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Is My Child Depressed? What You Should Know About Childhood Depression

What the Numbers Show

Research has shown that children, even babies, have experienced depression. In the United States alone, research studies suggest that up to one percent of babies, four percent of preschool-aged children, five percent of school-aged children, and eleven percent of adolescents meet the diagnostic criteria for Major Depressive Disorder. Blog-Childhood Depression-Main-Landscape-01

It is important to understand the risk factors and symptoms of childhood depression to help your child receive the necessary therapeutic interventions. Suicide is the second leading cause of death for children, adolescents, and young adults aged 10 through 24 (http://jasonfoundation.com/prp/facts/youth-suicide-statistics/). Suicide is significantly linked to depression, so early detection and diagnosis is critical and sometimes even life-saving.

Symptoms of Childhood Depression

Just like adults, children are capable of changes in mood, expressing negative thoughts, but are more likely to show depressive symptoms in behavioral ways. For example, a child experiencing depression may complain of fatigue, stomach aches, headaches, or experience irritability, changes in appetite, and changes in sleep patterns. These physical symptoms, often known as somatic symptoms, are expressed physical aches and pains that are real experiences for your child, although they have no known medical causes. These somatic complaints are often common in children who experience depression. It is important to rule out physical illness or other medical problems with your pediatrician if your child is experiencing these symptoms.

What Parents Can Do to Help

Parents are a child’s greatest advocate and support, so it is important to know what to do to help your child if you suspect that he or she is struggling with depressive symptoms.

  • Talk about depression with your child. Support and encouragement through open communication help your child feel comfortable to express his or her feelings. This lets your child know that he or she is not alone, is loved, and understood.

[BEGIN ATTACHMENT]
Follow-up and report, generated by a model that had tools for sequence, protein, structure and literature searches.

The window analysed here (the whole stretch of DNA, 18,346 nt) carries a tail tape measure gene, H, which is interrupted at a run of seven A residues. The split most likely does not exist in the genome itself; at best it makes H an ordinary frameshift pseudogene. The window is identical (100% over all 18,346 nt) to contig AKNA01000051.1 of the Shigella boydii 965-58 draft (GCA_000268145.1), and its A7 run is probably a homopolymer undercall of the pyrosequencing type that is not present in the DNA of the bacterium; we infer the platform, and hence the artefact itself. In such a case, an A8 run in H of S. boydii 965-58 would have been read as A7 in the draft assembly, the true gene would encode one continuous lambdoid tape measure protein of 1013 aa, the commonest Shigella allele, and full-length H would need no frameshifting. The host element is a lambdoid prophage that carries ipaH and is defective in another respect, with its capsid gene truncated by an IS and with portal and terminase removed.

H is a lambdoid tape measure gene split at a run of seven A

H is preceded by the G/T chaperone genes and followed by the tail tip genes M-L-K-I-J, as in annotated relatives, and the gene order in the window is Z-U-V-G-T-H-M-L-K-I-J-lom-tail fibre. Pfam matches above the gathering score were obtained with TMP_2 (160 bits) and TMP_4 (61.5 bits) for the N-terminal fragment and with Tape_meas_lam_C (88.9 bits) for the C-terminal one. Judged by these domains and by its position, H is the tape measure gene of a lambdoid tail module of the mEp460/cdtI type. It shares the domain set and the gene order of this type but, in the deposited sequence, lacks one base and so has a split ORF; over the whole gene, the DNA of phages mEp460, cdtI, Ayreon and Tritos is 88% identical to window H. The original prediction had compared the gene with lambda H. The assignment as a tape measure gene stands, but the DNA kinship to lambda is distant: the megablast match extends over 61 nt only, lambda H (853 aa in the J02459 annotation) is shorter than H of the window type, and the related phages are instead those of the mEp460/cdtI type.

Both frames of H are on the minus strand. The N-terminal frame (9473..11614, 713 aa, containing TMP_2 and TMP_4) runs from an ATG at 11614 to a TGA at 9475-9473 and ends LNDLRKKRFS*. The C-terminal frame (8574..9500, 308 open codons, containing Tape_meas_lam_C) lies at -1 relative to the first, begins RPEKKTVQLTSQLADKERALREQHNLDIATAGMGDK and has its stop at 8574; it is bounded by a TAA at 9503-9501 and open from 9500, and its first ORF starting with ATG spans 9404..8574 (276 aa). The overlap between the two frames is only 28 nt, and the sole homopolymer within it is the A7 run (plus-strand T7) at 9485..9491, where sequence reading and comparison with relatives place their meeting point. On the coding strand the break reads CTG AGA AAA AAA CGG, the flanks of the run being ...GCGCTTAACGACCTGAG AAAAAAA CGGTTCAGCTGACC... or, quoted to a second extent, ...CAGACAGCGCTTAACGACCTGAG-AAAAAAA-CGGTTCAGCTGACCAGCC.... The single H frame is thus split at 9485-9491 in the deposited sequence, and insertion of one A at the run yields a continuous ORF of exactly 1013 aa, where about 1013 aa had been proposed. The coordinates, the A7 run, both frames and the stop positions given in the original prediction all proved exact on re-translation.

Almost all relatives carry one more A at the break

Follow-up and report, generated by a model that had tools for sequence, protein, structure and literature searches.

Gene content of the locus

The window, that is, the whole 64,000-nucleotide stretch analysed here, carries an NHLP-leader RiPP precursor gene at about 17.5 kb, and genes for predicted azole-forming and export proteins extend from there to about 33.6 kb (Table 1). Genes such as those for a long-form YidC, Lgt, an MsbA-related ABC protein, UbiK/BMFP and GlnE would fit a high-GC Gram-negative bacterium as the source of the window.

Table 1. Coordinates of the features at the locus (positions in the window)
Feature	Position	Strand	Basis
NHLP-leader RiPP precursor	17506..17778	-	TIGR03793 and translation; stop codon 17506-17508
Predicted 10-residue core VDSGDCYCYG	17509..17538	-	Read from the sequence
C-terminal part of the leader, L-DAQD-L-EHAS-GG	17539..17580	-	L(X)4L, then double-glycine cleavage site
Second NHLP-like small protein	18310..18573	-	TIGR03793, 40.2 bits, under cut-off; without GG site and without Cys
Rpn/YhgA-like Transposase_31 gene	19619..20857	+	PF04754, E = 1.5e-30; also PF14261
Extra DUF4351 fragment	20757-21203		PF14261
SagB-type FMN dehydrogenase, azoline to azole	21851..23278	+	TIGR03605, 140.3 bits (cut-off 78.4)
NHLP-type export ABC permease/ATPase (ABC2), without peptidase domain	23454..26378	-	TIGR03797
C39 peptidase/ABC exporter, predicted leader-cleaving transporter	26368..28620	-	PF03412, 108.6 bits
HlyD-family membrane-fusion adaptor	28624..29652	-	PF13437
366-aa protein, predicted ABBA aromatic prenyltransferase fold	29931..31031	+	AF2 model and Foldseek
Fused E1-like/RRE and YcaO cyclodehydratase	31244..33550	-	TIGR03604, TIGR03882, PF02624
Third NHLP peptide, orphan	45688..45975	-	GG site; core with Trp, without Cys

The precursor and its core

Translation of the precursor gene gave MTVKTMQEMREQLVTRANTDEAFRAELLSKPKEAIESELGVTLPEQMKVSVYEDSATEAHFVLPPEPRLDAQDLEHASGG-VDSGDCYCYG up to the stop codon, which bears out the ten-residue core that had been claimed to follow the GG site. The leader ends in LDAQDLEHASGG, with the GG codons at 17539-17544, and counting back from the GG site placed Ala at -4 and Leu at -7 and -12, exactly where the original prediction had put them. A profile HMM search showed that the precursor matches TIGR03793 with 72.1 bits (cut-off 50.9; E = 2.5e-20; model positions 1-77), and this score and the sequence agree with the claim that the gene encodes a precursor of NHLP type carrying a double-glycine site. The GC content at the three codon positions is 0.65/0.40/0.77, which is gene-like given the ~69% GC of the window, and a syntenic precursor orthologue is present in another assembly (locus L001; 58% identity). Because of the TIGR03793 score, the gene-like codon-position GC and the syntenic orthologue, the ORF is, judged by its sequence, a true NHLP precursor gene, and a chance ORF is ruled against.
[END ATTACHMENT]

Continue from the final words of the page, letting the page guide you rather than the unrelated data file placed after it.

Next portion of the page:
• Talk with your child’s pediatrician. Mental health is just as important as your child’s physical health. If you notice your child is experiencing symptoms of childhood depression, call your pediatrician to alert him or her of your child’s emotional concerns. Your pediatrician may recommend a diagnostic screening or refer to an outpatient licensed therapist.
  • Don’t ignore it! Depression is a serious mental illness that cannot be brushed aside or ignored. Ignoring your child’s emotional concerns will not help your child obtain the treatment that he or she needs to overcome depression.

Treatments Offered

Depression is a treatable illness with success rates of up to 80% for children and adolescents who receive therapeutic intervention. The other 20% may respond well to medicinal interventions along with traditional therapy (https://blogs.scientificamerican.com/mind-guest-blog/what-adults-need-to-know-about-pediatric-depression/). Recommended treatments include play therapy, family therapy, and individual talk therapy, including cognitive behavioral therapy (CBT) that helps children re-frame their negative thinking patterns to help them change their self-perception and consequently, improve their mood. Cognitive behavioral therapy is goal-oriented, problem-solving focused, and is one of the most commonly used interventions to treat depression.

Medicinal options are another commonly used treatment for children who experience depression, with the goal of reducing depressive symptoms. The majority of children who take antidepressant medications will be able to stop their medication with support from their pediatrician or psychiatrist when their symptoms improve. It is important to note that the use of antidepressant medication for children and adolescents may carry a higher risk for suicidal thoughts for this population. It is imperative to receive ongoing medication monitoring to assess risk of side effects and other interactions.

I Think My Child is Depressed. What Should I Do?

If you suspect that your child may be experiencing depression, it is recommended that you contact your pediatrician. Share your concerns and plan for a medical evaluation to begin the diagnostic process. If medical testing shows no other reason for the fatigue, stomach aches, headaches, sleep, appetite changes, or sadness that often come with depression, a licensed mental health professional will evaluate further to determine the most appropriate treatment plan.

NSPT offers services in Bucktown, Evanston, Deerfield, Lincolnwood, Glenview, Lake Bluff, Des Plaines, Hinsdale and Mequon! If you have any questions or concerns about your child, we would love to help! Give us a call at (877) 486-4140!